Because of the byzantine rules of the caucuses, peoples’ second choices matter a lot. To keep it simple, for a candidate to be considered “viable” they must get at least 15% support in a precinct on the first round of caucusing (Iowa is divided into about 1,700 precincts). If they don’t reach 15%, then in that precinct their supporters are given the chance to change their preference to a remaining viable candidate in a second round of caucusing. A final statewide count of support across all precincts is then performed. Confusing, I know.

Given how close the race is campaigns must know who their potential supporters actually are (and not who the pundits tell them they are), how these peoples’ support will likely flow between candidates during the second round of caucusing, and therefore who to try and persuade to come on board. Getting this right could be the difference between winning and losing.

Donald Trump on the campaign trail in 2016. (Photo by Mark Wallheiser/Getty Images)

To become the Democratic presidential nominee a candidate must win a majority of nationwide “delegates” which are awarded based on candidates’ performances in various state contests, like Iowa. Importantly, the vast majority of delegates are awarded after the four early states have voted – Iowa only awards 41 out of the 1000s on offer across the US, for instance. So, if the number of delegates on offer is negligible what does Iowa actually provide that is so influential? Momentum.

Getting momentum is the goal of all campaigns – just as important as actually winning Iowa. The momentum gained by a candidate is dependent upon how much their actual performance exceeds the expectations of their performance set specifically for them by the media’s conventional wisdom. Beating expectations creates a “gaining ground” narrative in the news and on social media which essentially equals millions of dollars of free advertising for a campaign. This positive coverage in turn generates stuff that actually wins elections: donations, volunteers, endorsements, surrogates, and votes. It also crucially gets candidates a “ticket out of Iowa” – that is, being viewed as a credible challenger in New Hampshire and the next couple of state contests, at least.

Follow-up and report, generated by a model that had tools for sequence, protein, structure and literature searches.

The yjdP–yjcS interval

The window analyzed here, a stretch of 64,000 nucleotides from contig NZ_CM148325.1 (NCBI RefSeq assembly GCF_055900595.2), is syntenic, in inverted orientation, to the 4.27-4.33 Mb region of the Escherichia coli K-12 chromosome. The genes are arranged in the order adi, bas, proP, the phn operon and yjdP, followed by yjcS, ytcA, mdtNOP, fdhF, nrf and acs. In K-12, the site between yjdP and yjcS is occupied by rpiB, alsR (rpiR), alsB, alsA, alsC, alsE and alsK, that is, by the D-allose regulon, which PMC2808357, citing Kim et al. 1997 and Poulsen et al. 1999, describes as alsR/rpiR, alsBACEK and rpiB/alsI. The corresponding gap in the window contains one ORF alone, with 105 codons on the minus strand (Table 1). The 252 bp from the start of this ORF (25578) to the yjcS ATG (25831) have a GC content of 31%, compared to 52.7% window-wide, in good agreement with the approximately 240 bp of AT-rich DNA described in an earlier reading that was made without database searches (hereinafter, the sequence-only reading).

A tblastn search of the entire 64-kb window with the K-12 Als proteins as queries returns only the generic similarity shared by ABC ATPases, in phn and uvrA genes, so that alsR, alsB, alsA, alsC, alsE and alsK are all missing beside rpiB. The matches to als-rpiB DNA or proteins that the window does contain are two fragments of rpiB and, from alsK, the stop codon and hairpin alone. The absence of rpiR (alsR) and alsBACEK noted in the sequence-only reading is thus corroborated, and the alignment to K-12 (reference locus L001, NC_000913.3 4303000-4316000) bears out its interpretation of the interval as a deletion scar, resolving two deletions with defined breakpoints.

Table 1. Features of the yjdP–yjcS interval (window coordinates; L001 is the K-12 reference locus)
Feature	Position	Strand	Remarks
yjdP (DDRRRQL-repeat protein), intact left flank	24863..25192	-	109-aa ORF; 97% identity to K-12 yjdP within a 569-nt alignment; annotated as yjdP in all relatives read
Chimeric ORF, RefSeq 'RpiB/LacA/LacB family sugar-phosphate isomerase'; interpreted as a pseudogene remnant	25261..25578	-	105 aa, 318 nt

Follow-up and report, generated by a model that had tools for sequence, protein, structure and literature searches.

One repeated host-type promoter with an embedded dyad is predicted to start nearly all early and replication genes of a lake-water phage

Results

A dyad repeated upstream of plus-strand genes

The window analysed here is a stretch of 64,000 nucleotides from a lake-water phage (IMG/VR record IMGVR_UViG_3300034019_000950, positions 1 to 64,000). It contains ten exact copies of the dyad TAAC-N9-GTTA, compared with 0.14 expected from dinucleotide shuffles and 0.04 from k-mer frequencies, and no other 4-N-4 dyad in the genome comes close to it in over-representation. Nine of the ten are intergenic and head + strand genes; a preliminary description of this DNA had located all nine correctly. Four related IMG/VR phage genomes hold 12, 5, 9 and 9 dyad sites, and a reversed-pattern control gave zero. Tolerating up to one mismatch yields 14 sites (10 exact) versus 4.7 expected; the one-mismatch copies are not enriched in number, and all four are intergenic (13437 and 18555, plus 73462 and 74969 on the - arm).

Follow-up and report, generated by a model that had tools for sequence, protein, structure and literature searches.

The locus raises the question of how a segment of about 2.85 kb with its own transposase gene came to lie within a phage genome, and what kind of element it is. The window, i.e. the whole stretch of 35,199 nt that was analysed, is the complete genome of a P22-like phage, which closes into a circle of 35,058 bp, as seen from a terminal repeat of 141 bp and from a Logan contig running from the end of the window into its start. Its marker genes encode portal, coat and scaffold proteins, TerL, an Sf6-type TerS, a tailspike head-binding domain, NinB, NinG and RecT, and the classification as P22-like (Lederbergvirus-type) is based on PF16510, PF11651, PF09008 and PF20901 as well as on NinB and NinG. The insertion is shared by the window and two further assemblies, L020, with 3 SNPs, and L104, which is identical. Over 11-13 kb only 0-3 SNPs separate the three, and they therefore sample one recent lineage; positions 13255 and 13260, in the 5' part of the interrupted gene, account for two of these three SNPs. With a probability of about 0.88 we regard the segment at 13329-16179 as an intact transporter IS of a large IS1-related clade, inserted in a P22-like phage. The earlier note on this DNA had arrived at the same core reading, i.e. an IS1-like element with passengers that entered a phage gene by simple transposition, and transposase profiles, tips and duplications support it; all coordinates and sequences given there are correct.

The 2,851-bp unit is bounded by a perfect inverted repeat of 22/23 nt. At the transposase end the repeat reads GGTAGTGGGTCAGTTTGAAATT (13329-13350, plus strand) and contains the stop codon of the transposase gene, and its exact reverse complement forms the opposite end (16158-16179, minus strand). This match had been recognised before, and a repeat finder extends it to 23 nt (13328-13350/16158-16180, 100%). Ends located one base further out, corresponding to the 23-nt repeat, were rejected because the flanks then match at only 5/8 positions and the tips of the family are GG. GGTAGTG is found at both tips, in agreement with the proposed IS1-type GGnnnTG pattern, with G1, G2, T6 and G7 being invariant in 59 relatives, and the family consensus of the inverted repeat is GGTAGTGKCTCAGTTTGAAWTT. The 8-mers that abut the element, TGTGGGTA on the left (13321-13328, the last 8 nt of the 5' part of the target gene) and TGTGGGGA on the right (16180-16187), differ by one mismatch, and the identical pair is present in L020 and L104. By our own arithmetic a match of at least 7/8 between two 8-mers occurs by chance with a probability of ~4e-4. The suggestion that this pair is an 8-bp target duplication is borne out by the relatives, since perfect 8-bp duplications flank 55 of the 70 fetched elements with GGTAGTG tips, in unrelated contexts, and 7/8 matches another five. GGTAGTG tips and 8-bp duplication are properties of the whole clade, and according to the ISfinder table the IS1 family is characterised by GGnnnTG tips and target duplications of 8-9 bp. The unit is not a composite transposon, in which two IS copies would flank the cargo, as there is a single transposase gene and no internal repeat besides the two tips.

Basing everything on expectations can lead to some counterintuitive results. For example, Senator Warren is expected to do pretty well in Iowa and almost certainly much better than another hopeful, Senator Amy Klobuchar. But, if Warren does as well as expected but only just places ahead of Klobuchar, then Klobuchar is more likely to get momentum heading into New Hampshire – she would have beaten her expectations by more than Warren. Such are the quirks of “tickets” from Iowa.

The Iowa caucuses are nearly here, and the trajectory of the Democratic primary race will soon be set. It may seem weird that such a small state has so much influence but that is how the American system works. So, when the Iowa results come out, look to see who has beaten expectations and seized the momentum. They will go into New Hampshire with a head of steam and may well be the next President of the United States.

Korey Te Hira graduated from the Harvard Kennedy School of Government in 2019 with a Master in Public Policy. He writes a weekly newsletter on US politics